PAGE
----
California Wins the Gas War, Fickle Automotive Coalition Realigns Position

Matt Posky
by Matt Posky

The Coalition for Sustainable Automotive Regulation (CSAR) is officially withdrawing from a lawsuit between California and federal authorities over the coastal state’s ability to establish its own emissions standards. California leadership had vowed to ignore the Trump administration’s proposed rollback and began making binding side deals with automakers (specifically BMW, Ford, Volkswagen, Volvo, and Honda) committed to adhering to the aggressive limits established under President Obama. Unfortunately, this ran the risk of undermining the revised national standards penned shortly after the United States became energy independent. It also set up the CSAR to embrace any entity that had views conflicting with California Air Resources Board.

Federal concerns were that the Golden State setting its own targets would butt heads with the relaxed national benchmarks and ultimately divide the U.S. market and may even influence the types of vehicles that were manufactured for all of North America. But the issue became moot once President Biden broke the record for executive orders by signing 22 in his first week. Predictably, the brunt of these were designed to instantly undo any actions taken throughout the duration of the Trump administration and included one directing the Department of Transportation and EPA to reconsider the 2019 decision to remove California’s authority to limit tailpipe emissions by April and revise the fuel-efficiency standards for automobiles by summer.

Perhaps seeing the writing on the wall, General Motors dropped out of the lawsuit after backing the Trump administration shortly after the U.S. election. “We believe the ambitious electrification goals of the President-elect [Biden], California, and General Motors are aligned, to address climate change by drastically reducing automobile emissions,” GM CEO Mary Barra said in a November letter addressed to various environmental groups.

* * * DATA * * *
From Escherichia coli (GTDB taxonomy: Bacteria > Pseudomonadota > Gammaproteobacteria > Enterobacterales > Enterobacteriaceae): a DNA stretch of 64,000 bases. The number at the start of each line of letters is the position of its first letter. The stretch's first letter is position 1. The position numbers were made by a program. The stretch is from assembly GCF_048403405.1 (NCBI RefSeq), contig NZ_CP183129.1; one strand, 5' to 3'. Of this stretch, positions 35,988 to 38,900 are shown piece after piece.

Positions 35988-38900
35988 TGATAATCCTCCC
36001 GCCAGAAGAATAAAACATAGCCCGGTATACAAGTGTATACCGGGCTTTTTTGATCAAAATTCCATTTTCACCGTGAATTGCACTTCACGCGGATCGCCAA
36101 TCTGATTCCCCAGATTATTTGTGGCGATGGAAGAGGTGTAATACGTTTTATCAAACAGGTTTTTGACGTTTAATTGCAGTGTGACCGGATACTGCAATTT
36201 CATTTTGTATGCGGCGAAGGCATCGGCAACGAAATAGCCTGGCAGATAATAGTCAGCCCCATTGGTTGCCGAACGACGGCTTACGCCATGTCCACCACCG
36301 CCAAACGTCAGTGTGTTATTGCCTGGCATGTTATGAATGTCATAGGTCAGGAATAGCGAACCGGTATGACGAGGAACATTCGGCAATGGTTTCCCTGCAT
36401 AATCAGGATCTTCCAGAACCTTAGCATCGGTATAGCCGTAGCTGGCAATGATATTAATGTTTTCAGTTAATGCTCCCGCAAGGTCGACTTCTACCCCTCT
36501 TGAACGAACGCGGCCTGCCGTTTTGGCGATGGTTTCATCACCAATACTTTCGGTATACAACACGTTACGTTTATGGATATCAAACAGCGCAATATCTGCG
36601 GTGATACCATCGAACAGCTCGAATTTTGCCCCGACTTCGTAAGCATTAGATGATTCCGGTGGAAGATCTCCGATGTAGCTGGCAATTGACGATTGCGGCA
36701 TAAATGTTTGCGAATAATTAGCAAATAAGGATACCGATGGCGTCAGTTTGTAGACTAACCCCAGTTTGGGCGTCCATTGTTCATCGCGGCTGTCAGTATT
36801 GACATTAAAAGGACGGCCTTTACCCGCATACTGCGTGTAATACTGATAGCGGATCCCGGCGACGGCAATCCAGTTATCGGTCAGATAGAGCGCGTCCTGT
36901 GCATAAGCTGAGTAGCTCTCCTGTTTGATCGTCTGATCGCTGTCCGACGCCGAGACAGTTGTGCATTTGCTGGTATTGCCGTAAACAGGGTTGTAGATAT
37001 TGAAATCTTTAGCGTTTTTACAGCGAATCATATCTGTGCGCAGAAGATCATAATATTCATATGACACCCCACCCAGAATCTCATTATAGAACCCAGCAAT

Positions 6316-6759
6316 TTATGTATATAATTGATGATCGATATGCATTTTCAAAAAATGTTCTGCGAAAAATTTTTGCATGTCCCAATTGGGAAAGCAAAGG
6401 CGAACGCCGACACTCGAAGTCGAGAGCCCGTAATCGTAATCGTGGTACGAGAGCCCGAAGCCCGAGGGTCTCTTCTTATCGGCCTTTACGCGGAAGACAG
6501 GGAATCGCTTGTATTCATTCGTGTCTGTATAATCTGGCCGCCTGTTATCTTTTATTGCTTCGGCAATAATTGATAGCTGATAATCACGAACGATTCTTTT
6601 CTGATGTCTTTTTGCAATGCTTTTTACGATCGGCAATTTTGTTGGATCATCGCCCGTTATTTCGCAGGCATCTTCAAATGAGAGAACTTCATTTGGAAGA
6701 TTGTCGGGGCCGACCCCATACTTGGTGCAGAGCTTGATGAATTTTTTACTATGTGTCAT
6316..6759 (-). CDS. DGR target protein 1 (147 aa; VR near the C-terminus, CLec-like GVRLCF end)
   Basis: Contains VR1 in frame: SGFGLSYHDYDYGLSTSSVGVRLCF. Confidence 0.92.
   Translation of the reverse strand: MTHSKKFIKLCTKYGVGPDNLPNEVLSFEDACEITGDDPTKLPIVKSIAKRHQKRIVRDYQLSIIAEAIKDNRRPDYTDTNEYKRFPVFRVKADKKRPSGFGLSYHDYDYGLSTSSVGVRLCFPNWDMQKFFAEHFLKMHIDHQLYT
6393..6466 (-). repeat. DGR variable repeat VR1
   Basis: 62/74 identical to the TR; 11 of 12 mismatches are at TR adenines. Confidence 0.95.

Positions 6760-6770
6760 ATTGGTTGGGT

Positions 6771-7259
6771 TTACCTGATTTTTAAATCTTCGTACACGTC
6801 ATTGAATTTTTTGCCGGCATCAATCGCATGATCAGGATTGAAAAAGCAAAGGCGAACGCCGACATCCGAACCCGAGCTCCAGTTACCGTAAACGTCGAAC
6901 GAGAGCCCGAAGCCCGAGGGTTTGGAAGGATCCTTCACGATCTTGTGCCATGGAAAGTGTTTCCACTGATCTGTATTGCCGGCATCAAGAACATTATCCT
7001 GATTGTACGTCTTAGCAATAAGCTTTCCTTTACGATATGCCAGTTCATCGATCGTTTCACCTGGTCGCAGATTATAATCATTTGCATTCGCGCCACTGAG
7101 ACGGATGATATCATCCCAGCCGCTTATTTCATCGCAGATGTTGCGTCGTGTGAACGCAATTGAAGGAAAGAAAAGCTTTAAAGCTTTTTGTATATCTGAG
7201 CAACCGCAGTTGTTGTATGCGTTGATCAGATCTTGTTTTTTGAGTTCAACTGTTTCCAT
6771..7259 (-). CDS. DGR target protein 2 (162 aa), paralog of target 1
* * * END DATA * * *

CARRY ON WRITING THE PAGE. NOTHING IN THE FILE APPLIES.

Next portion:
It wasn’t long before Toyota, which had also joined the Coalition for Sustainable Automotive Regulation — along with Hyundai, Kia, Mazda, Mitsubishi, Subaru, and the National Automobile Dealers Association — said it was similarly “reconsidering” its position.

Meanwhile, companies backing California ( especially Ford) suggested opponents should change their minds. Before long, the Alliance for Automotive Innovation (AAI) — which represents many of the world’s largest automotive conglomerates and tech firms — issued similar messaging that members should support the Biden-Harris energy plan. It even vowed to work with the administration on establishing a revised nationwide program that utilizes California in addition to reaching net-zero carbon production from automobiles and transitioning the whole nation toward electric vehicles.

They appear to have taken its advice to heart, too. On Tuesday, the Coalition for Sustainable Automotive Regulation announced that it had realigned itself with the new administration much in the same way GM had in November.

From CSAR:

The Coalition for Sustainable Automotive Regulation (CSAR) chose to intervene in a lawsuit between California and the federal government to support a unified fuel economy and greenhouse gas (GHG) program. We are aligned with the Biden Administration’s goals to achieve year-over-year improvements in fuel economy standards that provide meaningful climate and national energy security benefits, reduce GHG emissions and promote advanced technologies. In a gesture of good faith and to find a constructive path forward, the CSAR has decided to withdraw from this lawsuit in order to unify the auto industry behind a single national program, with ambitious, achievable standards.